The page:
Parents January 2021

Parents brings you expert advice you can trust to help you raise happy, healthy kids at every age, every stage! Celebrate the joys of parenthood! Say yes to Parents now and get all the family-focused fun, down-to-earth tips, and advice from the heart you need to be the best mom you can be!

United States
Meredith Operations Corporation
12 号


editor’s note

This Year, Let’s Dream Differently In the magazine world, the January issue traditionally focuses on life-changing resolutions. Editors (guilty as charged!) have a fine-tuned ability to predict the habits readers want to break and the goals they want to accomplish. Case in point: Last January, we devoted an entire section of Parents to #familygoals, where we featured guides to cutting back on screen time, developing a mindful relationship with wine, and ditching the kids for a fantasy couples vacation. Well, the joke was on us. We reveled in aiming high, but when the world stopped a few months later, we crashed hard. Suffice it to say, this year we’re taking a different tack. Save for the column you’re currently reading, you won’t find the word resolution in the magazine, at least in the…

your guide to making the days easier and the journey sweeter

Chill and Thrill Yes, you can MacGyver an afternoon of sensory play out of an ice-cube tray and whatever figurines are currently cluttering the living-room floor. We like penguins to go with the icy theme, but any tiny toys—Shopkins, random Playmobil peeps—can glide on this mini rink made with help from the blog Messy Little Monster. Just fill an ice-cube tray with water, plop in the figures feet first, and freeze, occasionally adjusting or propping the characters so they’re upright as the blocks harden. Once the cubes are frozen, pop them out and hand them to your kid on a sheet pan or a tray for a skating party that will buy you peace (for at least another Zoom call). THE SHORT LIST This month’s lineup of what’s new, novel, and nice to…

josh gad

The voice of Frozen’s Olaf spends much of his time IRL entertaining a pair of young sisters (sound familiar?): his daughters, Ava, 10, and Isabella, 6. To make six and a half hours fly by for your own kids, queue up his enchanting reading of the new Audible Original book Night Magick, about a boy magician. Here, Gad shares some wizardry of the dad-joke variety. Winter tradition I do with my kids I love putting up the Christmas tree and lighting the house and getting my kids on the ski slopes. Winter tradition I skip I am happy to save the world the horror of seeing me attempt to ski. Recent parenting win Got my kids to watch The Lord of the Rings trilogy… Recent parenting fail… which led to The Lord of the…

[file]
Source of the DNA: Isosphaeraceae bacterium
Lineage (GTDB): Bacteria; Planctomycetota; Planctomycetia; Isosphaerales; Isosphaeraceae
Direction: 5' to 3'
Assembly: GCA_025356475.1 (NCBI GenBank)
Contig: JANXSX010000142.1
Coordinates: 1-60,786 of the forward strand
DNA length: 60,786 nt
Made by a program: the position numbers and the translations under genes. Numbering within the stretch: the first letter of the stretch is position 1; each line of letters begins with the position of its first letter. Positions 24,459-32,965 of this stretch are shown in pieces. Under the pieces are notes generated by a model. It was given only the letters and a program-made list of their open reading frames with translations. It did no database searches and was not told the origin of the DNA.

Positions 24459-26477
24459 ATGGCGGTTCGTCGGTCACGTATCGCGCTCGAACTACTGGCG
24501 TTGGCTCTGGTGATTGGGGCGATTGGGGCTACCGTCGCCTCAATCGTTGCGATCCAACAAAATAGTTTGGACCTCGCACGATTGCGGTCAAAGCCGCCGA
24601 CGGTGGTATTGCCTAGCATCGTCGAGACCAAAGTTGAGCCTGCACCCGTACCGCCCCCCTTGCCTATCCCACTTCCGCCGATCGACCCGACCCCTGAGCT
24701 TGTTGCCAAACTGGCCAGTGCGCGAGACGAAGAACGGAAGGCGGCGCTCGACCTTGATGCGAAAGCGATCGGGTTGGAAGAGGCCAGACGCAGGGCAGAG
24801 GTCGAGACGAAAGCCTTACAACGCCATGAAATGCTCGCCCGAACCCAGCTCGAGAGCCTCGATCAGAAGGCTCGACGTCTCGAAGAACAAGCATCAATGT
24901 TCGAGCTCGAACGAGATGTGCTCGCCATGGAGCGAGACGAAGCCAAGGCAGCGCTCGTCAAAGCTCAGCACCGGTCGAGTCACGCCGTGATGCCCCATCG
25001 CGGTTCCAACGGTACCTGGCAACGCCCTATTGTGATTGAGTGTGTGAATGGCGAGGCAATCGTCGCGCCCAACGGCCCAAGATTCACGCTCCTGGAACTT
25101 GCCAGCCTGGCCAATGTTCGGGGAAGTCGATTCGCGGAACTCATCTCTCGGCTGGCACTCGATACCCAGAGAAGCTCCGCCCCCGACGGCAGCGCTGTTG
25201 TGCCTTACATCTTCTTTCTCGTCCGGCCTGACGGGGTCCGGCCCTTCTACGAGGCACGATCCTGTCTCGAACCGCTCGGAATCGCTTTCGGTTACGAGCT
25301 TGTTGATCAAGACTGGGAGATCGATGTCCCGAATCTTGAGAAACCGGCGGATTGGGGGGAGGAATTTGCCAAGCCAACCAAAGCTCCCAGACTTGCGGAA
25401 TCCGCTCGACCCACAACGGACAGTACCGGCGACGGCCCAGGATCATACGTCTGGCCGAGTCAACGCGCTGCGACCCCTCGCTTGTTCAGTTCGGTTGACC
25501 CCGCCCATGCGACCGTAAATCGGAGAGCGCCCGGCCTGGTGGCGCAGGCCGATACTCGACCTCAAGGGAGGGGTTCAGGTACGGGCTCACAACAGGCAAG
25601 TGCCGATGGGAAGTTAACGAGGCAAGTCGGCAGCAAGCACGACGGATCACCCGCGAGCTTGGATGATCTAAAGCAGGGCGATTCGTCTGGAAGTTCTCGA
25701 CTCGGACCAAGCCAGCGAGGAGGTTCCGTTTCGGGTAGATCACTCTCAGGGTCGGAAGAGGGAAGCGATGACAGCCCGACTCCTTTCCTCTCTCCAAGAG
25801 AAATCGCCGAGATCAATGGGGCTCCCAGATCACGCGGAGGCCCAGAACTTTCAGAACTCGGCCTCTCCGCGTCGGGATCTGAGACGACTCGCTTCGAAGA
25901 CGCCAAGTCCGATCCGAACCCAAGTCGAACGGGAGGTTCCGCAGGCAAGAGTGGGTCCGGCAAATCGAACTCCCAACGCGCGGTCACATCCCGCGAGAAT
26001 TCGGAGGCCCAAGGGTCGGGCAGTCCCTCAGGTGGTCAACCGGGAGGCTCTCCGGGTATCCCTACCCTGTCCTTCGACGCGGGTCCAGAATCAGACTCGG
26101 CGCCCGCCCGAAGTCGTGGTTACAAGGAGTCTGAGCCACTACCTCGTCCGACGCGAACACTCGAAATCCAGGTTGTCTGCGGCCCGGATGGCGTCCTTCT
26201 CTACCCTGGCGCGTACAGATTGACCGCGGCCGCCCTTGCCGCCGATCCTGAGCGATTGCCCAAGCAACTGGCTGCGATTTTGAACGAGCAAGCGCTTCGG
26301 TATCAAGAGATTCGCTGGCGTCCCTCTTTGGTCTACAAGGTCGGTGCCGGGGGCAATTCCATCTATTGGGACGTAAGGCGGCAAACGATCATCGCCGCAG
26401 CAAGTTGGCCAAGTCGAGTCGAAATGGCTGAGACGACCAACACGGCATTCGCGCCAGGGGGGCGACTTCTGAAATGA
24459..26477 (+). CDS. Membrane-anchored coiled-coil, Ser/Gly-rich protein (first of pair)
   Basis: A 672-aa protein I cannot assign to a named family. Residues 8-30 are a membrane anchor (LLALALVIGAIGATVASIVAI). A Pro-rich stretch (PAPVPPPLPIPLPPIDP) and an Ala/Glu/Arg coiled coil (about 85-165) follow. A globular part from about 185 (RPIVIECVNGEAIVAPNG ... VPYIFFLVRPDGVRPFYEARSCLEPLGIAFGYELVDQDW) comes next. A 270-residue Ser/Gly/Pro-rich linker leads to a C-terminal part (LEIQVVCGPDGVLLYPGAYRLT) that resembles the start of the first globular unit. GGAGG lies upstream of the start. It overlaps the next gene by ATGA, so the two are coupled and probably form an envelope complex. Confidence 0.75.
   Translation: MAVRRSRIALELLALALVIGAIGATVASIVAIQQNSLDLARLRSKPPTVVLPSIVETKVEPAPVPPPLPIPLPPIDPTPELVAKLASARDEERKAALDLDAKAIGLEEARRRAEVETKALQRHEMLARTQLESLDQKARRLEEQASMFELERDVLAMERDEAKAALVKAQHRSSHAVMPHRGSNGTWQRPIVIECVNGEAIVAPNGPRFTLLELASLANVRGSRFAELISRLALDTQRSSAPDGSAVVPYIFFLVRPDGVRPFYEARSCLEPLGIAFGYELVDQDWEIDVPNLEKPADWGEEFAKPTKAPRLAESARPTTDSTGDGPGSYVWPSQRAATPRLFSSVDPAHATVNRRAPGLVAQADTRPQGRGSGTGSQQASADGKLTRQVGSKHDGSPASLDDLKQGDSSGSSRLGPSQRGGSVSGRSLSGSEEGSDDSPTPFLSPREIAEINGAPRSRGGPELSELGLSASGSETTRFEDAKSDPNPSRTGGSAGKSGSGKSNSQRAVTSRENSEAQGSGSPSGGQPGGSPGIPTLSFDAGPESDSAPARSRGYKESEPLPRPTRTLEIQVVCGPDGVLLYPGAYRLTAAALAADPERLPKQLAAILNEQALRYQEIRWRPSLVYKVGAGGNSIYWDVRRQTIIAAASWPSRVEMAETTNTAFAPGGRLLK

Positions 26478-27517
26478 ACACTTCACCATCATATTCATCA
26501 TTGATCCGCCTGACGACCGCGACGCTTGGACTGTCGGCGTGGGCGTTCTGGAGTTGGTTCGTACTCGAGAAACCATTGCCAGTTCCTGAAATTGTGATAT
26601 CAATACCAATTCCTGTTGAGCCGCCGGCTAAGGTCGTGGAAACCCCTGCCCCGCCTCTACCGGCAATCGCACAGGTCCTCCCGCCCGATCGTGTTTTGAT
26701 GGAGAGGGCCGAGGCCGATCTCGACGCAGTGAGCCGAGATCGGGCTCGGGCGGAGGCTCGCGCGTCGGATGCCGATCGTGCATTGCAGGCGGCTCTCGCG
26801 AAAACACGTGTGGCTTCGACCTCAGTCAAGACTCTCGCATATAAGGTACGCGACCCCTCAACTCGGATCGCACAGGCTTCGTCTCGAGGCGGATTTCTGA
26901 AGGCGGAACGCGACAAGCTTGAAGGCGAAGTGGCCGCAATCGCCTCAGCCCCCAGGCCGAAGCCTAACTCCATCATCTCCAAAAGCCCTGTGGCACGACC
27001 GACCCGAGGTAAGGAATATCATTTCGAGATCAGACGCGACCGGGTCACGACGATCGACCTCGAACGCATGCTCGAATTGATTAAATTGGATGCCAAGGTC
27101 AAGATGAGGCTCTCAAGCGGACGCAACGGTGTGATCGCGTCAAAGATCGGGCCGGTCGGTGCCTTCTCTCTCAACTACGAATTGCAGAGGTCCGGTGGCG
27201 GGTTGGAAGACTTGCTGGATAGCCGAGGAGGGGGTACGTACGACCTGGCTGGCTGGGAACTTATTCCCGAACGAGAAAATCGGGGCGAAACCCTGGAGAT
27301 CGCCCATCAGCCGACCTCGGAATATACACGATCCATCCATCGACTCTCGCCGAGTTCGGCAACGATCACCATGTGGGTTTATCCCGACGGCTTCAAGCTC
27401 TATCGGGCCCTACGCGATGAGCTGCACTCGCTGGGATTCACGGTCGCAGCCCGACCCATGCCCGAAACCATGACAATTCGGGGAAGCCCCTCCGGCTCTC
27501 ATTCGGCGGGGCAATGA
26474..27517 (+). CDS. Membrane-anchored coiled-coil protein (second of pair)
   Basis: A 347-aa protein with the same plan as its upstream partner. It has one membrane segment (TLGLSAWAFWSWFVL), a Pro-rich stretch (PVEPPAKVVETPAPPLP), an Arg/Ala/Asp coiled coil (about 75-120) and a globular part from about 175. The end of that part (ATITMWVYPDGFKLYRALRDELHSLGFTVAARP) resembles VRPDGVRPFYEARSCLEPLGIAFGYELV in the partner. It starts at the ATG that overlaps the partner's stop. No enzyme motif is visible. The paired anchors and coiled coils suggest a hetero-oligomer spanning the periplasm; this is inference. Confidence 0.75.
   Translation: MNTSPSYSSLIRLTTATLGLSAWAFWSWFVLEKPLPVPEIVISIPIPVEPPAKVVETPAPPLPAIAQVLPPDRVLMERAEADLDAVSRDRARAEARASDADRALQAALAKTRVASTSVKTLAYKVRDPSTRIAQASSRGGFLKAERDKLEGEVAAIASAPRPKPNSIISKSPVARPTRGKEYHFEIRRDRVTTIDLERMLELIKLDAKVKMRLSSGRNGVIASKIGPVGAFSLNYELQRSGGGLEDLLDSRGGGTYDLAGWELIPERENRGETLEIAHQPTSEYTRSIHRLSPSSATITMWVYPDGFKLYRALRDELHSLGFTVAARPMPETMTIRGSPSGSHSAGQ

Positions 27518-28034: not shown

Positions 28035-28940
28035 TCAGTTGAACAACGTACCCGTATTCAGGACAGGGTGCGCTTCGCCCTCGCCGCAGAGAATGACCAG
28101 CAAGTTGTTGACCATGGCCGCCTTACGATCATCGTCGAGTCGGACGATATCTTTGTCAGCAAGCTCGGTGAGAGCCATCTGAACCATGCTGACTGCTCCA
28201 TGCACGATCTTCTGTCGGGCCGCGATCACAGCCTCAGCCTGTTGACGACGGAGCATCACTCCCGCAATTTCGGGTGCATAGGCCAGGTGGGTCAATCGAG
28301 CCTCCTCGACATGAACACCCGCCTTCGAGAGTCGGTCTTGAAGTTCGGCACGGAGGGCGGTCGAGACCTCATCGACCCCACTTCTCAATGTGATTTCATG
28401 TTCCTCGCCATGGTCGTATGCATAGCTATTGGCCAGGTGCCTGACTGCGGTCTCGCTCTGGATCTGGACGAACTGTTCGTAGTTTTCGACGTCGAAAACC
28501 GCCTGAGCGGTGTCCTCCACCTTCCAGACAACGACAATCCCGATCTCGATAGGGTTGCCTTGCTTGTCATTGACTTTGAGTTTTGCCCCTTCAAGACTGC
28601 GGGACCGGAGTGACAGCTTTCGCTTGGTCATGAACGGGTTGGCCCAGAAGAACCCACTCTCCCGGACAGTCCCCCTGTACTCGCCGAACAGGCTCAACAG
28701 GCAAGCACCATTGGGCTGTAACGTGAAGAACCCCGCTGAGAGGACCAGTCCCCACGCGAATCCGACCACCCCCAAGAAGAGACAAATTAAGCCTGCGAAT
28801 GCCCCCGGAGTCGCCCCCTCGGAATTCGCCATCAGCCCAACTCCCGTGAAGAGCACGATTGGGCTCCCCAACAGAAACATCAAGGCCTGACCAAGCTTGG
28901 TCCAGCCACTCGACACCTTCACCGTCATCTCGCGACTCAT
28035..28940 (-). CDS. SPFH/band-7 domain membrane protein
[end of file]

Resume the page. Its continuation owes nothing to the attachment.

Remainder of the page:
cold play!

Outdoor Ideas Host Your Own Snow Games Have a Snowball Showdown. Divide your family into two teams (or enlist another group on the block), build a wall of snow for each team to hide behind, and perch a few small snowmen on top. The idea: Each team takes turns hurling snowballs to knock down the other’s snowmen (“Incoming!”). FYI, if you get hit by the other team, you have to join them. The group that hits all their opponent’s snowmen first wins/gets to do a touchdown dance. Construct a Snow Castle. Have a contest to see who can build the most ornate palace in a set time frame, or make it a family endeavor and engineer a larger-than-life fortress. “Use the same molds as for making sand castles at the beach, or gardening items like…

the whys of cries

THE OTHER morning, ten minutes before we had to walk out the door to preschool, my then 5-year-old freaked out about her leggings. Too loose! Too black! Too… pants-y! The big tears that rolled down her cheeks were heartbreaking—but also frustrating because, c’mon, they’re just pants, and we had to go! My husband and I took turns trying to soothe and distract her, but ultimately we just carried her out the door, still wailing. Whether it makes sense to you or not, a child’s crying is always sending a message, says Diana Divecha, Ph.D., assistant clinical professor at the Yale Child Study Center and the Yale Center for Emotional Intelligence. Your kid is not just a crybaby. “The content of the message changes depending on where they are developmentally and what’s…

q: is soy safe for kids?

A Yes. Some rumors say that compounds in soy called isoflavones act like estrogen in the body, impacting puberty or raising the risk of cancer. But research debunks that myth. Actually, evidence shows that girls who eat soy may have a lower risk of developing breast cancer in adulthood. Soy may also help protect the heart by lowering “bad” LDL cholesterol levels. Soy foods like tofu and soy milk are high-quality proteins like meat, which means they contain all the amino acids you need to get from food. Edamame is also rich in fiber and iron, nutrients some kids lack. And although soy is one of the top allergens, it’s one that kids are more likely to outgrow. Researchers say that one serving of soy foods a day is about right for…